What is Chikungunya?
Chikungunya (Makonde for ‘disease that bends up the joints’) is a musculoskeletal, viral illness that is spread by mosquitoes found primarily in the tropics and sub-tropics. In Africa it is an enzootic infection of nonhuman primates. Over the centuries, chikungunya spilled over into human populations and caused numerous outbreaks of febrile, arthritic disease in many parts of the world, including the Caribbean. Most recently, chikungunya reemerged to spread throughout the world, and it is now endemic in the Americas.
What Causes Chikungunya?
Chikungunya is caused by infection with chikungunya virus (CHIKV), a mosquito-borne alphavirus of the Togaviridae family. The mosquito species most important for endemic/epidemic transmission of CHIKV among humans are the anthropophilic, day-biting Aedes aegypti and Ae. albopictus. These mosquitoes also transmit the viruses that cause yellow fever, Zika and dengue. CHIKV is transmitted when a female mosquito bites a viremic host. The virus must infect the mosquito before it can transmit to another human host several days later.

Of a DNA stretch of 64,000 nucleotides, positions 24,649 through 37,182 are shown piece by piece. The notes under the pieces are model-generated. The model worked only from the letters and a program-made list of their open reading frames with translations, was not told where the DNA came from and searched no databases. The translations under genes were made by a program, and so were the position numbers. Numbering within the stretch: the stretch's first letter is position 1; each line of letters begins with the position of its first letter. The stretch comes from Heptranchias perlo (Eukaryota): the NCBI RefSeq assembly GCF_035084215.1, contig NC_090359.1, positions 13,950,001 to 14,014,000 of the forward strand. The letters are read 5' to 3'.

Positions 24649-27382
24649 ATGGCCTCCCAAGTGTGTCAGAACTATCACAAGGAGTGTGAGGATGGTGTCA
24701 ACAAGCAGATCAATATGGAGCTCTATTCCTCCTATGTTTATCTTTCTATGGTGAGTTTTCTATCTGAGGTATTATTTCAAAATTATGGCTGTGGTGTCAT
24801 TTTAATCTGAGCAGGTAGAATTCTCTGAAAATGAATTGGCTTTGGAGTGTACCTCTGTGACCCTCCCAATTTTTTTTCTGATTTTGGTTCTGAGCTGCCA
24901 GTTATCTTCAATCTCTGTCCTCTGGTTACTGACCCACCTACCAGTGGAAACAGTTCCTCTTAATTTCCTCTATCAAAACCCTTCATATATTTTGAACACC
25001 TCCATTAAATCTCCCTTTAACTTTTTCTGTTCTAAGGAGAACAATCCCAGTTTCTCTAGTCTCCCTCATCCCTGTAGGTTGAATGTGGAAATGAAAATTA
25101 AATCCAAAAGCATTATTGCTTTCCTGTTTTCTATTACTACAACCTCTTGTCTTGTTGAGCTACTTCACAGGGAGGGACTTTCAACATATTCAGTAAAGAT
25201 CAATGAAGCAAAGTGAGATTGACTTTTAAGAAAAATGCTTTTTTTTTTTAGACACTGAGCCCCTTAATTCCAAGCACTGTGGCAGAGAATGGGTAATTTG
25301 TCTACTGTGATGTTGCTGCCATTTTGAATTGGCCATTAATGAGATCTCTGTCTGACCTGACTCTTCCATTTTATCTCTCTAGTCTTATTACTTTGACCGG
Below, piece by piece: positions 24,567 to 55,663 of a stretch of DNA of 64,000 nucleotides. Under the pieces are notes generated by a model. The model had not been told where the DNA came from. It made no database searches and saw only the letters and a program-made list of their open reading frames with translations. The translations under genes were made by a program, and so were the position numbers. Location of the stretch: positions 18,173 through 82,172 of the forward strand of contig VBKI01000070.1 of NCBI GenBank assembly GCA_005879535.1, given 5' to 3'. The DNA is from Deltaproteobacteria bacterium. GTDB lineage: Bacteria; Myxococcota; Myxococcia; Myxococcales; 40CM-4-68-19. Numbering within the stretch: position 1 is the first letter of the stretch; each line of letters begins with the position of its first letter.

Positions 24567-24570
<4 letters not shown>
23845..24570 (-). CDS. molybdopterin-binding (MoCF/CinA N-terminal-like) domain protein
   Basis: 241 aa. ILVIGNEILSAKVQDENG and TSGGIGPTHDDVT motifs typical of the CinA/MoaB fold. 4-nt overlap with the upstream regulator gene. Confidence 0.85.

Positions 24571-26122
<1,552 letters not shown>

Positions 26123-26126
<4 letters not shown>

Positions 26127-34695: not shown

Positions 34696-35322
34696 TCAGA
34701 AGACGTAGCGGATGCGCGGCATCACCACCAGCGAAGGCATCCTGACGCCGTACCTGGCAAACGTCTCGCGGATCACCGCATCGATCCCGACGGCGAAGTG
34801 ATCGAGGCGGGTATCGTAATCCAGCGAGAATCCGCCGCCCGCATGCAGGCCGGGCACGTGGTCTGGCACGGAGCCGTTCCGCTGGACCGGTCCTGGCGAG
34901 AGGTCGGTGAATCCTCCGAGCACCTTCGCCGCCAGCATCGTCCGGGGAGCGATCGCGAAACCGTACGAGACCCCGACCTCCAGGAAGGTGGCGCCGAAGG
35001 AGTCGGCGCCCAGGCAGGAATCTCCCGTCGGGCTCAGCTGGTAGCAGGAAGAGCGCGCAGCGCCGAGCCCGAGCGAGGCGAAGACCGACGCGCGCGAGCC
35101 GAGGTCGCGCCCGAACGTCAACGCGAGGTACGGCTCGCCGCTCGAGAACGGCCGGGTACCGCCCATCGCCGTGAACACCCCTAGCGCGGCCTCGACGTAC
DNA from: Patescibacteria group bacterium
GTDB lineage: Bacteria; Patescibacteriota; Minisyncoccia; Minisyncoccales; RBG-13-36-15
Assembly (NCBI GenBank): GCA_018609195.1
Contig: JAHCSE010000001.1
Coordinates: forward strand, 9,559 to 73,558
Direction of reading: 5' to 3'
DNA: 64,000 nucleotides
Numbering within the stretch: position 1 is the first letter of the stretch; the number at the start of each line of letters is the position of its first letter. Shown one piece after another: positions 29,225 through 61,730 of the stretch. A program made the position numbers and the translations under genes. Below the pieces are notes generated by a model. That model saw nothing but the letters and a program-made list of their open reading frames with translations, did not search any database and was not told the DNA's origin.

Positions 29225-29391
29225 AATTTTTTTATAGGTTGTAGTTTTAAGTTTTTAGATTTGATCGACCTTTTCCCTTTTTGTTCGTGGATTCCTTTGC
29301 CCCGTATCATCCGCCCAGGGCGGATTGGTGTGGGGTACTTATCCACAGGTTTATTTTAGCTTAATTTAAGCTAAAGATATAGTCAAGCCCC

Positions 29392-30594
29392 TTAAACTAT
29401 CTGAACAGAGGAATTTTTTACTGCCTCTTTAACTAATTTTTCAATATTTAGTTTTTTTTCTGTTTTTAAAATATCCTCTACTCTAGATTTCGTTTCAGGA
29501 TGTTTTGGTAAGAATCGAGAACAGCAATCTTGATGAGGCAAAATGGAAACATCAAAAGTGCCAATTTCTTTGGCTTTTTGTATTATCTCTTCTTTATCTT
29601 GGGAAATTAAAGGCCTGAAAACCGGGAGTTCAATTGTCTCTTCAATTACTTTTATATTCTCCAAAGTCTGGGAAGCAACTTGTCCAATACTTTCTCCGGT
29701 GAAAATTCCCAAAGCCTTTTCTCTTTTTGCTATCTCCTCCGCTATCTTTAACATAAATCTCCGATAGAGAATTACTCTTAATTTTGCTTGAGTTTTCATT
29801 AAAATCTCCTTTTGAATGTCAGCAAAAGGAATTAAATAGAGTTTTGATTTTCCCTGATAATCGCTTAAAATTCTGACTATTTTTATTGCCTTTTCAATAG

What are Chikungunya Symptoms?
The most common symptoms associated with chikungunya are severe polyarthralgia (joint pain), fever, rash, headache, and myalgia. Most (85–95%) infections are associated with symptoms. While deaths due to chikungunya are rare, the arthralgia can be severely debilitating during the acute phase of the infection. Also, in some cases joint pain and stiffness can persist for weeks or months, and sometimes for years after the infection.
What are Trends in Chikungunya Epidemiology?
In 2004, an epidemic strain of chikungunya virus emerged that caused enormous outbreaks in the Indian Ocean. A key genetic mutation in the virus enabled it to transmit efficiently in Ae. albopictus mosquitoes, which are found in many temperate areas of the world. Subsequently, outbreaks occurred in Europe when travelers to India returned with chikungunya virus infections. In 2013, the virus made it to the Western Hemisphere. By 2016, it had spread to 48 countries in the region and infected more than 1 million people. Currently, chikungunya is estimated to be present in 94 countries across the globe, where 1.3 billion people are at risk.
PaxVax’s Chikungunya Vaccine Pipeline Candidate
PaxVax is working on a candidate vaccine in partnership with the National Institutes of Health and the US Department of Defense. PaxVax has in-licensed the NIH virus-like particle (VLP) vaccine technology for chikungunya that is currently in Phase 2 clinical trials.